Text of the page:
Appeal leaves questions about fiduciary duty in clinical trials

Lawyers on Stirrett v. Cheema weigh in on the legal and policy implications of the appeal

Appeal leaves questions about fiduciary duty in clinical trials
Gavin MacKenzie is a founding partner at MacKenzie Barristers

An appeal in Stirrett v. Cheema, 2020 ONCA 288, has resulted in success for the appellants, including a research physician. Lawyers at the appeal, and intervenors on behalf of various interested parties, have highlighted the significant policy implications of this case and what it clarifies about the duty clinical trial physicians owe their subjects.

The suit stemmed from the death of David Stirrett, a participant in a clinical research trial, who died of complications arising from an angiogram he underwent as part of the trial. His widow, Karen Stirrett, sued the two physicians who performed the angiogram, Asim Nazir Cheema and Tej Narendra Sheth as well as the researcher, Bradley Strauss.

At trial, the jury found that Strauss alone was negligent in failing to update the sample size of his study, from 240 patients to 100 patients, failing to set up a data safety monitoring board, and failing to submit any deviations in protocol to the research ethics board. But they found that this negligence did not cause Mr. Stirrett to undergo the angiogram, applying a ‘but-for’ test.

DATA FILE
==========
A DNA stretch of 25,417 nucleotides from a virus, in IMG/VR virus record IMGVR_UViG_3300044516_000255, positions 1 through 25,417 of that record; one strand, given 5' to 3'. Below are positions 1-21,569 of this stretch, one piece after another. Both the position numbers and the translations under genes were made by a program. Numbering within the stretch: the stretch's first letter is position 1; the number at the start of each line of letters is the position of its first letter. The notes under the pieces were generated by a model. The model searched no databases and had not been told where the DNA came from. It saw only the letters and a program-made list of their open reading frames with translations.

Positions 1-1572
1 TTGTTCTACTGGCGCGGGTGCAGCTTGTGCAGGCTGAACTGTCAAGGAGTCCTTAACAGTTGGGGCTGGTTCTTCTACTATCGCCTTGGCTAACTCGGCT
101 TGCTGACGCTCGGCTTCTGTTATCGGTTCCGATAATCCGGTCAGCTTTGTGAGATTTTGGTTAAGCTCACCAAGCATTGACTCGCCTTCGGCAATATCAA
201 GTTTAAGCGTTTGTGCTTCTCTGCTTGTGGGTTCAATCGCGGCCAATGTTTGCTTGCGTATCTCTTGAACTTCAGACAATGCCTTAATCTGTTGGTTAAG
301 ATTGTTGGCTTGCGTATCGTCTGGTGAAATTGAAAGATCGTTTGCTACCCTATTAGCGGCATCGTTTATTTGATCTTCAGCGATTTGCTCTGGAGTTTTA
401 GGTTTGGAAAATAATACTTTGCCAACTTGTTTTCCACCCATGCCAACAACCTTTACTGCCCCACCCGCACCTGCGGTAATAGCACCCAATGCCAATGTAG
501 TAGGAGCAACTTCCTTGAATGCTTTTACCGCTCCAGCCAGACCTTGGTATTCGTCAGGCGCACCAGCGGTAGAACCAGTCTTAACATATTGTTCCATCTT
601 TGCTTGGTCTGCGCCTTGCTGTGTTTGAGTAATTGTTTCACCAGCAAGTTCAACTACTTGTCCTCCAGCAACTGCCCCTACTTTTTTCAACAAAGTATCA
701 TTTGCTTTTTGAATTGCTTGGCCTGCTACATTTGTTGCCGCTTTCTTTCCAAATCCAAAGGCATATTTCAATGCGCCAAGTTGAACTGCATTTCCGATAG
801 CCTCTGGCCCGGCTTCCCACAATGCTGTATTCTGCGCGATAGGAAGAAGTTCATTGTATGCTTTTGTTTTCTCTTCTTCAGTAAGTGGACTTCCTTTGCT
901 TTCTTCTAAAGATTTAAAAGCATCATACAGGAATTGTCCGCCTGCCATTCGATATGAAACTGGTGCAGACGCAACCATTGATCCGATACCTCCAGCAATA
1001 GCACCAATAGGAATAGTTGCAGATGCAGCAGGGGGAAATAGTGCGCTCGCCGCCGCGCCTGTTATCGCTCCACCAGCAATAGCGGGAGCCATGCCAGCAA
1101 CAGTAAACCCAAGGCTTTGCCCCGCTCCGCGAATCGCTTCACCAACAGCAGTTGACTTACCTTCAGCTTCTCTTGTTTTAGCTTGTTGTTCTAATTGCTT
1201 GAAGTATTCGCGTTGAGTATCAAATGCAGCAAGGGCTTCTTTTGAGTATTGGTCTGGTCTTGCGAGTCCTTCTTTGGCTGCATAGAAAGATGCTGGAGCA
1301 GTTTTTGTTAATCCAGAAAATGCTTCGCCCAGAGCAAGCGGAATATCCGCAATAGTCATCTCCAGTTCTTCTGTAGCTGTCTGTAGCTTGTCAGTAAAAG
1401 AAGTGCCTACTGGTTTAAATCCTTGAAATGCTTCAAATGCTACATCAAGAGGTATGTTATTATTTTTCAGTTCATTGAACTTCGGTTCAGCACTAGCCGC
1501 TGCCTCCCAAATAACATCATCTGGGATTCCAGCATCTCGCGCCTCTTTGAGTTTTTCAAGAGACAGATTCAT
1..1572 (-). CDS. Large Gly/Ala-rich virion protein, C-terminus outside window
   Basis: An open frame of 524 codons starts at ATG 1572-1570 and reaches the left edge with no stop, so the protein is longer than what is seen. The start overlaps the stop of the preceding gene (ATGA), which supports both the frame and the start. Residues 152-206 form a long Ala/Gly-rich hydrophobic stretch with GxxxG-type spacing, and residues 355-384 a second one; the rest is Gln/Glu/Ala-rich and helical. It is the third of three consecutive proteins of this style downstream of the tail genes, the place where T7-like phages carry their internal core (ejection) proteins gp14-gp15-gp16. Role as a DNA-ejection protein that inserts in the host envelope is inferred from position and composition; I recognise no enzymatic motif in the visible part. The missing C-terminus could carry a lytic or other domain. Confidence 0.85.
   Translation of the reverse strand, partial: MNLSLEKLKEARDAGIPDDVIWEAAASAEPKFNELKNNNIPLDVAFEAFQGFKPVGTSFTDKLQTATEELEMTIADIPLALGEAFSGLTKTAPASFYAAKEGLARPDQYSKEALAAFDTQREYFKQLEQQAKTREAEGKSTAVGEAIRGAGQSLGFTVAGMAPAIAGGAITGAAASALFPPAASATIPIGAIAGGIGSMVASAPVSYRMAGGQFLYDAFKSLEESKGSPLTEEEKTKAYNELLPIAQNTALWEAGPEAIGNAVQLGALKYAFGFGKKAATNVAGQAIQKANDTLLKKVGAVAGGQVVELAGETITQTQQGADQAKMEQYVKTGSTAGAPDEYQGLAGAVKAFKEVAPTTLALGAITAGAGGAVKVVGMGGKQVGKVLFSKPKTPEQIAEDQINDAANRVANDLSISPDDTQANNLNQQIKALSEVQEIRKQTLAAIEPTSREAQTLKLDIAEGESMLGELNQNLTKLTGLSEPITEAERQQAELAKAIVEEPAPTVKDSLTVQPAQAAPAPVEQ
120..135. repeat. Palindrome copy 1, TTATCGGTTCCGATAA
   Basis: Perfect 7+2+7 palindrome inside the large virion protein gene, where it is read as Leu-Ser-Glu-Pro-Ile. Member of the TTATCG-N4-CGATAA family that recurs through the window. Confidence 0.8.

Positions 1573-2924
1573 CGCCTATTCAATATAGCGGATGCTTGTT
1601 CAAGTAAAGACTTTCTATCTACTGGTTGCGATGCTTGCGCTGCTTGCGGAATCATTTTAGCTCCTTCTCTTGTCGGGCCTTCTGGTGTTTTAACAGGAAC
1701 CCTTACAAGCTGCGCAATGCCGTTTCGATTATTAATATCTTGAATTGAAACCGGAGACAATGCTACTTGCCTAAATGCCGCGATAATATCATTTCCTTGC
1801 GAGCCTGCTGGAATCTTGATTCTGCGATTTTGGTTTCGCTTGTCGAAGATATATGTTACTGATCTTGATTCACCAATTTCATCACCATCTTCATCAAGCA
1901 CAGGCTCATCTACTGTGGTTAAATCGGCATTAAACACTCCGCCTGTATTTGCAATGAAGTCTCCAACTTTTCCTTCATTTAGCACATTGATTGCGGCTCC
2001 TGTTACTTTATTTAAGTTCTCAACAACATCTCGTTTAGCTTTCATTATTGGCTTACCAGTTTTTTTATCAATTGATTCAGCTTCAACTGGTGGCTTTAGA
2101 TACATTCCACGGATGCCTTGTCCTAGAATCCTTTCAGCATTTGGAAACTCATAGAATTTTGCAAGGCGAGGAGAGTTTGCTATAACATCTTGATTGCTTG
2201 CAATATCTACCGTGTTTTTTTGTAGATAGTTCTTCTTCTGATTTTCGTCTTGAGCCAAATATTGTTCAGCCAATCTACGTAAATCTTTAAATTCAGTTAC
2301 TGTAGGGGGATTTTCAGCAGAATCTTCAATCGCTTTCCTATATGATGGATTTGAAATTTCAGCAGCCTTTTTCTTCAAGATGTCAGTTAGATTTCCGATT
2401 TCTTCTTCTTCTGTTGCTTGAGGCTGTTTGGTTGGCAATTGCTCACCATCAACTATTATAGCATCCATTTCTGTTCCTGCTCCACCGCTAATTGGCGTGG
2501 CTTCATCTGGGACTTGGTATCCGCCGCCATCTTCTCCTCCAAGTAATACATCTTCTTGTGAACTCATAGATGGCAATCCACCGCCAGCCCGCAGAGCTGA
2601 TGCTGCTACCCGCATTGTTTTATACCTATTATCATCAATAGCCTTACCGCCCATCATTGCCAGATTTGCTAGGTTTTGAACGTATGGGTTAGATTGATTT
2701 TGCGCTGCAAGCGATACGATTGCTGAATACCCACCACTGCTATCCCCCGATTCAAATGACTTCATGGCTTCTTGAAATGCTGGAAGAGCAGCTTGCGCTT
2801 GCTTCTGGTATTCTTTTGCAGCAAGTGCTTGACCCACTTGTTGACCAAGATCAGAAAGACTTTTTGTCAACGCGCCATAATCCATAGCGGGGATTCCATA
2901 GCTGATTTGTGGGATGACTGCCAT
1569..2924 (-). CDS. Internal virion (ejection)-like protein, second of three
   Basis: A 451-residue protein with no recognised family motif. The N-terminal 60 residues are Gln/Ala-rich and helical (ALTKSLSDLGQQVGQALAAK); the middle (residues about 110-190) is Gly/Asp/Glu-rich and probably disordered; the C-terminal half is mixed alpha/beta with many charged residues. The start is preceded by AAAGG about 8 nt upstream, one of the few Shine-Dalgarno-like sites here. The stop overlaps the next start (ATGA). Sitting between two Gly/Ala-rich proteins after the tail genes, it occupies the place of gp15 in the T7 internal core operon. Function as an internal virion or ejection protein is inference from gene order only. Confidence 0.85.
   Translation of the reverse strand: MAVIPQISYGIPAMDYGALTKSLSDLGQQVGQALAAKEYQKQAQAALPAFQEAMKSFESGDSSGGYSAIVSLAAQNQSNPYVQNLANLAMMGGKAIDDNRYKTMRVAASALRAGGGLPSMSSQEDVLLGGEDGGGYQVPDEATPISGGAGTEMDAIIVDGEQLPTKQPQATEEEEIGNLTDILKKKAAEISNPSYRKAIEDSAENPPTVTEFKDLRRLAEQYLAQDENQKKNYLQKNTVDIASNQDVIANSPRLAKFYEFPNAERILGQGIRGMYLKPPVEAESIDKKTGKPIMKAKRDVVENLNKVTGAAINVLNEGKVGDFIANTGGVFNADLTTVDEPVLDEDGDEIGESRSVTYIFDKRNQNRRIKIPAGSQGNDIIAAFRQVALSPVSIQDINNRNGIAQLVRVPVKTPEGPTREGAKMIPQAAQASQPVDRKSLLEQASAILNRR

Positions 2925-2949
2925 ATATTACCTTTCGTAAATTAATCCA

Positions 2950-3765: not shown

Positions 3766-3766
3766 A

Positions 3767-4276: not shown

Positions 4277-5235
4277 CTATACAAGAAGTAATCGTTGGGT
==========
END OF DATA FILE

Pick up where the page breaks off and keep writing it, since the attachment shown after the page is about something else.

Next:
The trial judge, Justice Grant Dow of the Superior Court, found that Strauss owed an ad hoc fiduciary duty to Mr. Stirrett, and breached that duty in the negligence found by the jury. He agreed with plaintiff’s counsel, Richard Bogoroch and Toby Samson, that with such a duty owed, causation is removed from the analysis. He found Strauss liable.

The appeal was allowed, examining two questions: whether a fiduciary duty was owed and whether Dow erred in saying causation was removed from the analysis. The Court of Appeal found that Dow had erred on the latter issue but did not decide on the first issue. Lawyers involved in the case have different opinions on the ramifications of that decision.

“Now in Ontario, the only decision [on an ad hoc fiduciary duty in clinical trials] is justice Dow's decision,” says Gavin MacKenzie who, along with Brooke MacKenzie stood for the respondent at the appeal. “[The decision] was not reversed by the Court of Appeal. The Court of Appeal didn't affirm it either.”